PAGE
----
Afghans are a type of sighthound, bred with keen eyesight to spot and race after prey. Their long and slender bodies keep them cool in the Afghanistan heat while increasing their speed.

Afghan hounds are highly independent dog breeds. They enjoy spending time with family members but can be shy around strangers and children. It will take time for an Afghan to become familiar with new people, and they must be introduced to other dogs at a young age.

These dogs can be difficult to train. Overall, Afghan hounds have moderate instinctive intelligence, but low adaptive and obedience intelligence. They are a breed that requires a lot of patience to work with.


Basenji dog lying on the grass

Despite having excellent instinctual intelligence, Basenjis have a low intelligence score.

©Verbitskaya Juliya/

Basenjis are a hunting dog breed with a strong desire to hunt and catch prey. These dogs were bred for hunting small animals like rodents in the African savannahs. They have strong senses, short coats, and possess a lot of energy to quickly catch fast-moving prey.

However, Basenjis are highly independent thinkers. They’re more interested in teaching their owners how to hunt than learning how to perform tricks and commands.

Overall, Basenji’s have high instinctive intelligence, but low obedience and adaptive intelligence. They can make for nice family dogs, but they are incredibly stubborn.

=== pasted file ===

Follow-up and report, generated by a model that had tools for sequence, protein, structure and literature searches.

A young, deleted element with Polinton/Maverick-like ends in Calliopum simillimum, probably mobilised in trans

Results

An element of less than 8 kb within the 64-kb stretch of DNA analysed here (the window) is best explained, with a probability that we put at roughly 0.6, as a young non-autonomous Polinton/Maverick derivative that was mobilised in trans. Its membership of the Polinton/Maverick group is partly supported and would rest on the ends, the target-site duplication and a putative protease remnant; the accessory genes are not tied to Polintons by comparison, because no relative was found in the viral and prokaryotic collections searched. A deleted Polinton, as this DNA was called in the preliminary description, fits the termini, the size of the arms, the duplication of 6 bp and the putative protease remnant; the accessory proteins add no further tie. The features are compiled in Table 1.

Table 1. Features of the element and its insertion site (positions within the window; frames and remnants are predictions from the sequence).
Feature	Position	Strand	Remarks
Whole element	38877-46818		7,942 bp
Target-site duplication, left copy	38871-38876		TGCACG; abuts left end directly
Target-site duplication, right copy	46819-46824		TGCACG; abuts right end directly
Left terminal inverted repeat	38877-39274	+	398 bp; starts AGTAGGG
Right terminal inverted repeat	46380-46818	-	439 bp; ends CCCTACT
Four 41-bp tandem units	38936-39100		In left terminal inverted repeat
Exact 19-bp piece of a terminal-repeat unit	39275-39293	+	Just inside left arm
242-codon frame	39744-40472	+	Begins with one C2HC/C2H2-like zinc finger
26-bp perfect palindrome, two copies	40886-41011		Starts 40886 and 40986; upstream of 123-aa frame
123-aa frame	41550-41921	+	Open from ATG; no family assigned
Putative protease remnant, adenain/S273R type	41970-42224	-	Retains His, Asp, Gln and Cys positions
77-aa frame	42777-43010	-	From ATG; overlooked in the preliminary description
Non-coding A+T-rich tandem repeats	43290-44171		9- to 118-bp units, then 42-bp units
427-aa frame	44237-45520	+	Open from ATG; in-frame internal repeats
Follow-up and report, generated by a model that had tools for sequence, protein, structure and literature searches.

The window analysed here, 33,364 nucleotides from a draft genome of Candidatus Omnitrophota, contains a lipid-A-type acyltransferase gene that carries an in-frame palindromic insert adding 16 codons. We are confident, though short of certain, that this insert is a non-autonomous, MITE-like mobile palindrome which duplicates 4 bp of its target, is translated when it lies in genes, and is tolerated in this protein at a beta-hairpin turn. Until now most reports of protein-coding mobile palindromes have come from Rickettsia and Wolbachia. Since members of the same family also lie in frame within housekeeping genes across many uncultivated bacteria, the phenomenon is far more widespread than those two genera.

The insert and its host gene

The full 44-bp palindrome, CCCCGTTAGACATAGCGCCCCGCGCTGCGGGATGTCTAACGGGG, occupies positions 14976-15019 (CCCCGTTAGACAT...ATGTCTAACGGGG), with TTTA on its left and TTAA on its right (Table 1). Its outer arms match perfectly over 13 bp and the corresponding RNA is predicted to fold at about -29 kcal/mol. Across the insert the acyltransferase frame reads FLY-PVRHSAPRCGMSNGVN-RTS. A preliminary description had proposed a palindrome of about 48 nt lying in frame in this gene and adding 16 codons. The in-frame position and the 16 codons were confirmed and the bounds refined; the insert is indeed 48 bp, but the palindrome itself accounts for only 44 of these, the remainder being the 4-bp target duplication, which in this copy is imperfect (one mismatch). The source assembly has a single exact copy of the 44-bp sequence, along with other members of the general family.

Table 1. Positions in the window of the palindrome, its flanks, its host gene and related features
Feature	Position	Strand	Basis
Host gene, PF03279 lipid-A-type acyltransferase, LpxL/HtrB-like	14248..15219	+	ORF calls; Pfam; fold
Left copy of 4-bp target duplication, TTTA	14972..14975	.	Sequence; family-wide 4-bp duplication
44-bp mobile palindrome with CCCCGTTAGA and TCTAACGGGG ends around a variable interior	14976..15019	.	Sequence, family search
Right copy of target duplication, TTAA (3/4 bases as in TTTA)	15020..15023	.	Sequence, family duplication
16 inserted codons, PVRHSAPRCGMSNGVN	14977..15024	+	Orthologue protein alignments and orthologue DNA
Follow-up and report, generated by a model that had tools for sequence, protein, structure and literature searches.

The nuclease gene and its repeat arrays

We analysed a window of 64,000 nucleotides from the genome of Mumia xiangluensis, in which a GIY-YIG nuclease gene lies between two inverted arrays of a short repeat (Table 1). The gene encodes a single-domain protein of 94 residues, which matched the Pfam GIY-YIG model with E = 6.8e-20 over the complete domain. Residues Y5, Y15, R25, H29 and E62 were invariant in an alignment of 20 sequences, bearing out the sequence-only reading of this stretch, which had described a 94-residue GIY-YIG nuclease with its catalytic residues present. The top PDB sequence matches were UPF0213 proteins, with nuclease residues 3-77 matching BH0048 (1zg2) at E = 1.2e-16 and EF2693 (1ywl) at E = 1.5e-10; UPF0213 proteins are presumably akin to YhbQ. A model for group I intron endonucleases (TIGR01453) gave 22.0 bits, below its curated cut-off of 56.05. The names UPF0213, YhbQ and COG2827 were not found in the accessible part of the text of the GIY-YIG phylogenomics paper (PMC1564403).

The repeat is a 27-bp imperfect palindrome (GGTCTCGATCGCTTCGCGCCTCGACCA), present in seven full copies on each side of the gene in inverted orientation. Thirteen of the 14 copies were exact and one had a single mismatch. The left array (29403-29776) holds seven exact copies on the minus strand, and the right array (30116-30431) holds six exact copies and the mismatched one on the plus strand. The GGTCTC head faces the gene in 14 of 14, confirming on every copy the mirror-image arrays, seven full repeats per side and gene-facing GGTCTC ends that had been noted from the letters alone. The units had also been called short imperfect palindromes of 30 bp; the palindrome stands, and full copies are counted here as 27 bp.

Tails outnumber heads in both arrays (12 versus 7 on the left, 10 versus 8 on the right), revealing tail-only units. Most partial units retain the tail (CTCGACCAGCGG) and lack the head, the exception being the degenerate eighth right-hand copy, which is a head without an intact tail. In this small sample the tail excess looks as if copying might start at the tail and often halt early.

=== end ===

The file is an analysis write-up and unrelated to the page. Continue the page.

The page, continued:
Joyful English bulldog riding a skateboard on the street

Bulldogs can learn unique skills and tricks, making them popular social media dogs.


The bulldog has gone through a dramatic adaptive shift in their biology. Originally, bulldogs were bred to fight bulls, hence the name. When bullfighting was outlawed, breeders and bulldog enthusiasts modified the breed to have more aesthetically pleasing qualities (shorter face, stubby tail, wider bodies).

Unfortunately, these traits negatively affect the breed. Bulldogs have limited mental activity. They can be taught common tricks, as well as sports like skateboarding and surfing, but it takes a long time with consistent patience for results. They have poor intelligence in all three categories.

Chow Chow

Purebred Dog Chow Chow